Mulpha sues S'pore's Stamford Land over hotel redevelopment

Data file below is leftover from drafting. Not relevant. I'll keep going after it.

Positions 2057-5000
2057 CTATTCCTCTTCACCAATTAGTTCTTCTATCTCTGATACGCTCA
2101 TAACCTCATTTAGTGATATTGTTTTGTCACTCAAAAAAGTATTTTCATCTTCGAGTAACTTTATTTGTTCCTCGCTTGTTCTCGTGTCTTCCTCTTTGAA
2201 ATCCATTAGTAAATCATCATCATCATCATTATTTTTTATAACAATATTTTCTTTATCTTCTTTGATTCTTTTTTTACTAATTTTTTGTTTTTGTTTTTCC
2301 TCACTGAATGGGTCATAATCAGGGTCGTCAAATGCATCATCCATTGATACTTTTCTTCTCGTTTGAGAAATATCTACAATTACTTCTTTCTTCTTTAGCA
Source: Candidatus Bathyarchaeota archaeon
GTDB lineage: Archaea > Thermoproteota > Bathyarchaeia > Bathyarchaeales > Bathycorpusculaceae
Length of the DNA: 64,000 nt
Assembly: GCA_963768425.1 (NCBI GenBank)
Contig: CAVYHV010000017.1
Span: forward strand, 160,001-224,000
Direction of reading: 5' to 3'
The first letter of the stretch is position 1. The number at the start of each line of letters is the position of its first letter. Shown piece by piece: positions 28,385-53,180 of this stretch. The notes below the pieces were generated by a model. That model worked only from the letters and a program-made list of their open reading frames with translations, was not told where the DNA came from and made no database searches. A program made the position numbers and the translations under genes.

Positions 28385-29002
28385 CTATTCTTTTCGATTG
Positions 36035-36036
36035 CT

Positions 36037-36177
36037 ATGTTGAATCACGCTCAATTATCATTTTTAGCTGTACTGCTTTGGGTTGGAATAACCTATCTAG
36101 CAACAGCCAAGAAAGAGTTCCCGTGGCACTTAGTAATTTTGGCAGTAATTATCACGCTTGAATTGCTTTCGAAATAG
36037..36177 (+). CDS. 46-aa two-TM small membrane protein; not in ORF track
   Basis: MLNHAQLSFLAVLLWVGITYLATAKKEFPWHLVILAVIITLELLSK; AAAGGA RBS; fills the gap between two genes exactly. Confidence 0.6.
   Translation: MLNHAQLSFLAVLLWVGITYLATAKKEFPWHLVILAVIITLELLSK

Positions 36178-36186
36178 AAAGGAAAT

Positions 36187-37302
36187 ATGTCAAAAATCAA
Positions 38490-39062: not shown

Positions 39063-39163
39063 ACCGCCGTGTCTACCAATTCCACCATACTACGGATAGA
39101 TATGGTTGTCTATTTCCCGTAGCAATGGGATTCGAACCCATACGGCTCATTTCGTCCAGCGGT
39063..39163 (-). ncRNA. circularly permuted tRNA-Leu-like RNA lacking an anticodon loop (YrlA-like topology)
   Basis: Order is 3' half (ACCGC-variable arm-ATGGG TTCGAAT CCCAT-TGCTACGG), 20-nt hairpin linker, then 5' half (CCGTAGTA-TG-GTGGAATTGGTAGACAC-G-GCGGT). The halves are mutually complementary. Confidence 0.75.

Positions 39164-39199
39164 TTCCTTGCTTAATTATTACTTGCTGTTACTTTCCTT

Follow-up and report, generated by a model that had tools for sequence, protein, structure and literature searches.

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MELBOURNE (June 26): Malaysian conglomerate Mulpha is suing Singapore's Stamford Land Corporation in a Sydney court tomorrow over the redevelopment of the Sir Stamford Hotel at Sydney's Circular Quay. The aim was to transform the hotel into a A$400 million apartment block, but battlelines have been drawn over how planning and heritage authorities have handled the project, The Australian newspaper reports . Mulpha, headed by Lee Seng Huang, who took over the reins from his billionaire father Lee Ming Tee, is suing Stamford Land Corporation, controlled by Singaporean tycoon CK Ow, over plans to convert the Sir Stamford, with the building set to double in height. Mulpha owns the InterContinental Sydney and adjoining Transport House, which sits behind the Sir Stamford. The demolition of the Sir Stamford and its replacement with a 19-floor tower would affect the view from the InterContinental, including of the Opera House. Mulpha alleges that not only did the New State Wales Heritage Council misinterpret large sections of local planning controls, but also the City of Sydney did not forward all negative public submissions about the proposal to the Heritage Council. According to the newspaper, planning controls call for a 35 metre-45 metre building overlooking the Botanic Gardens, with the tower set back by 10 metre. Stamford wants the building to rise 22.5 metres along the street line, and is arguing for a smaller set-back, in parts of only 6.2 metres, according to a report prepared by urban planning firm Architectus for the Heritage Council. The project has yet to receive council approval, but the City of Sydney found the set-back was "appropriate" and referred the proposal to the Heritage Council, which was "prepared to issue an approval", according to the summons.